WASHINGTON – U.S. Sen. Cory Booker (D-NJ) today introduced legislation to force industries responsible for contamination of Superfund sites to pay for their clean-up.
The Superfund Polluter Pays Restoration Act of 2014, which Sens. Robert Menendez (D-NJ) and Barbara Boxer (D-CA) joined as co-sponsors, reinstates the excise tax on polluting industries to pay for the cleanup of Superfund sites, relieving taxpayers of the expense. It also expands the definition of crude oil in order to make oil from tar sands and shale subject to the excise tax. Additionally, it makes funds available to the Environmental Protection Agency (EPA) on an ongoing basis, not subject to annual appropriations.
“Every day, innocent New Jerseyans suffer the physical and financial consequences of living close to severely contaminated sites,” said Sen. Booker. “This legislation holds industries accountable for cleaning up the harmful results of their irresponsible practices. Taxpayers should not be financing the cleanup of a mess they did not create. This bill corrects an inexcusable injustice and places the onus on polluters to restore Superfund sites back to safe, healthy areas that can attract investment and economic development.”
New Jersey has 114 Superfund sites on the National Priority List – more than any other state. These sites are the most heavily contaminated properties in the country, and are the areas that pose the greatest potential risk to public health and the environment. These sites are poisoning nearby residents, endangering the health of children, and thwarting economic development in communities across the country.
According to the U.S. Government Accountability Office (GAO), the EPA does not have adequate resources to clean up the more than 1,300 sites on the agency’s list of most polluted areas, including 89 locations that have “unacceptable human exposure” to substances that can cause birth defects, cancers, and developmental disorders.
“Every New Jerseyan has a vested interest in doing all we can to make the Superfund Trust Fund as solvent, strong, and effective as possible,” said Sen. Menendez. “Businesses cannot contaminate our land, exploit our resources and endanger our communities without consequence. Making polluters pay is essential to protecting the health of our families and our environment without overburdening average hard-working taxpayers, who shouldn’t be the ones paying for the mistakes of those who caused the problem in the first place.”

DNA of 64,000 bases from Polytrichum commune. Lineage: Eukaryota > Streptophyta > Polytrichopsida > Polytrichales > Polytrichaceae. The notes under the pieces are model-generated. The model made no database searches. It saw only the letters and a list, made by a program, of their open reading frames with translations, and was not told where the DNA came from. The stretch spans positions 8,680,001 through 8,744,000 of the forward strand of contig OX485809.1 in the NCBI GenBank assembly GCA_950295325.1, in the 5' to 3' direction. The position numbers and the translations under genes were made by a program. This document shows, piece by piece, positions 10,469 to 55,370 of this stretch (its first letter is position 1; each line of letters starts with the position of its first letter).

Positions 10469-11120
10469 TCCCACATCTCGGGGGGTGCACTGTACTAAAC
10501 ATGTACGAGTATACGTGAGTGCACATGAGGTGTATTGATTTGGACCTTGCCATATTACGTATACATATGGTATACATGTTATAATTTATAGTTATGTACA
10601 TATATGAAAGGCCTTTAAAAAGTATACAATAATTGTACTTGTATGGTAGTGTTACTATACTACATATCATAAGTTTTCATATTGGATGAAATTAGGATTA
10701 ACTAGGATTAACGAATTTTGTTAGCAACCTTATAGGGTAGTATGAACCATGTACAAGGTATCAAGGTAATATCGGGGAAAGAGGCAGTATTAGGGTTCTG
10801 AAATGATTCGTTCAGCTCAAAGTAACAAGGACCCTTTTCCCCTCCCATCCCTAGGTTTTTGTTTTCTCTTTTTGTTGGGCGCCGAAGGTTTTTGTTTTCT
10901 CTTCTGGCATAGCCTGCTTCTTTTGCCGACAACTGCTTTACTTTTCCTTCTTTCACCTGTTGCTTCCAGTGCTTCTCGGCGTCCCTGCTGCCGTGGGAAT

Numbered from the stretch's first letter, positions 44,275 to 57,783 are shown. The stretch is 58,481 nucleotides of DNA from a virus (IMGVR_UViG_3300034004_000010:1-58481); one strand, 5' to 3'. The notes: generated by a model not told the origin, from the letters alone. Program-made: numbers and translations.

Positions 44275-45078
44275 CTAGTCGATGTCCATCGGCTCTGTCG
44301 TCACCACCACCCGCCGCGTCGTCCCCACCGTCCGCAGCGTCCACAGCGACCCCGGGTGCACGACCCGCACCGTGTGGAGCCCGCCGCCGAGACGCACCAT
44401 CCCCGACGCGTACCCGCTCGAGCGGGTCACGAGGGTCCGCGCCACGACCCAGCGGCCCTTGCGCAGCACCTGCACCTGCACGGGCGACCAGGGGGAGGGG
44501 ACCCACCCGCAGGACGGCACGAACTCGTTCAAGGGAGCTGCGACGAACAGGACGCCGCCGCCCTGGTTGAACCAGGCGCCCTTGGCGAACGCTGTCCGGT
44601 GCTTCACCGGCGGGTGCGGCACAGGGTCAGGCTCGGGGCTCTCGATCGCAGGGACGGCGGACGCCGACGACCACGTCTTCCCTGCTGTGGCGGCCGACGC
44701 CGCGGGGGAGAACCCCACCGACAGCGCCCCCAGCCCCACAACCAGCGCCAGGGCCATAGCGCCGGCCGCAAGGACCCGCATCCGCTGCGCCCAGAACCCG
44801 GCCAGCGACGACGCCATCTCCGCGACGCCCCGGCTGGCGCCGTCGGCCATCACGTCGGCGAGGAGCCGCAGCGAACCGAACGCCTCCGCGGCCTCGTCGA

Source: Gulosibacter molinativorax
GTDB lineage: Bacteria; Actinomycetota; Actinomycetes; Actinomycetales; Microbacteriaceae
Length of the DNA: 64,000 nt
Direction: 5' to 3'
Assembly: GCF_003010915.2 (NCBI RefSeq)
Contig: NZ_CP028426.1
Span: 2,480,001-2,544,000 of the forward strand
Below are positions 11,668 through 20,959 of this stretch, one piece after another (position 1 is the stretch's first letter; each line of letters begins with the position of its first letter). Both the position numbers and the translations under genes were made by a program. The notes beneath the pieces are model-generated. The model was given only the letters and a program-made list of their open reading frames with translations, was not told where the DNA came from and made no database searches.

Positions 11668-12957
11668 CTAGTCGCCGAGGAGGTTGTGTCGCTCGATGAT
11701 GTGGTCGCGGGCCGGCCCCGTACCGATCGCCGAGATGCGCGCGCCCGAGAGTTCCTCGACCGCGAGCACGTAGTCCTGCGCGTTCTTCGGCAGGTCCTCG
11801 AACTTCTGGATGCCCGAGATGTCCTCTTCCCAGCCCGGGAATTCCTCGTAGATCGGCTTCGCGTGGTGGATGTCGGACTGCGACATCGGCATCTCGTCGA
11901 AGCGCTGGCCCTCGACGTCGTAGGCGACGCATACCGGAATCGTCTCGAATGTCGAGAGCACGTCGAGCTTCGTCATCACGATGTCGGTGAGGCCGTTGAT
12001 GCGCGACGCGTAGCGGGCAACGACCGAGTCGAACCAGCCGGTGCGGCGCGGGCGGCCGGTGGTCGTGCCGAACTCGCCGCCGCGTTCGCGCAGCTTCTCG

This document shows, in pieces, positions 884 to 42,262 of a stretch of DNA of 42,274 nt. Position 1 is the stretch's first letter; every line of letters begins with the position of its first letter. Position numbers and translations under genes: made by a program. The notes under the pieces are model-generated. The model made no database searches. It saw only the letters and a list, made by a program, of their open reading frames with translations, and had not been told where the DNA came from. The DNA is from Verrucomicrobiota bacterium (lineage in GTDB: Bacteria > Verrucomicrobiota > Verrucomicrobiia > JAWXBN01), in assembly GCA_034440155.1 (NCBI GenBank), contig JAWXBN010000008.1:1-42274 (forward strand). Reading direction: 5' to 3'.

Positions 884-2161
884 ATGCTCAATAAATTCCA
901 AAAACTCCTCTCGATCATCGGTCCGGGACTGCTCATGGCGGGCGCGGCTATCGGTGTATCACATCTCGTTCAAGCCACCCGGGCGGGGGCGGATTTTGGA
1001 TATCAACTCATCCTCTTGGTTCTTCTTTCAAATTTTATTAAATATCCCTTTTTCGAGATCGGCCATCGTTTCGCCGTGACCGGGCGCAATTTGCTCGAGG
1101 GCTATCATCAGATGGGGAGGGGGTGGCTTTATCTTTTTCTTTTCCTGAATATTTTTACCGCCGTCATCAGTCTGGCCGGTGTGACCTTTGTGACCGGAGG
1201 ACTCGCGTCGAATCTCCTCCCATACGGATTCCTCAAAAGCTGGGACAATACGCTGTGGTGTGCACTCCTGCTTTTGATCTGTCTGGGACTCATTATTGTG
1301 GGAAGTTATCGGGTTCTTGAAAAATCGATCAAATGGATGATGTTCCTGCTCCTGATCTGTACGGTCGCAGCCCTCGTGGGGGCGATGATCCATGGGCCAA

“Families living near Superfund sites, which are contaminated with toxic brews like arsenic, benzene, lead and mercury, should not have to continue to worry that their children will get cancer. Polluters leave toxic messes in our communities and then make the American people pay for it – with both their health and their money. This legislation will ensure that polluters pay to clean up Superfund sites, not American taxpayers, ” said Senator Boxer.
What stakeholders are saying:
·“By reinstating the original funding source, the Superfund Polluter Pays Restoration Act will be good for New Jersey municipalities and will help protect our health, our environment, and our economy,” William Dressel, Jr. Executive Director, NJ Leagues of Municipalities.
·“The responsibility for contamination, and thus the cleanup, lies with those that put it there to begin with,” Joseph Della Fave, Executive Director, Ironbound Community Corporation.
·“The Superfund can’t be super – or even do its mission –without a consistent funding mechanism like the excise tax. The appropriated budgets in 2013 and 2014 were the lowest in 25 years. The result, as you well know, is a tortuous pace for completing clean-ups, if they are started at all,” Doug O’Malley, Executive Director, Environment New Jersey.
Organizations that have submitted letters endorsing the Superfund Polluter Pays Restoration Act of 2014 include: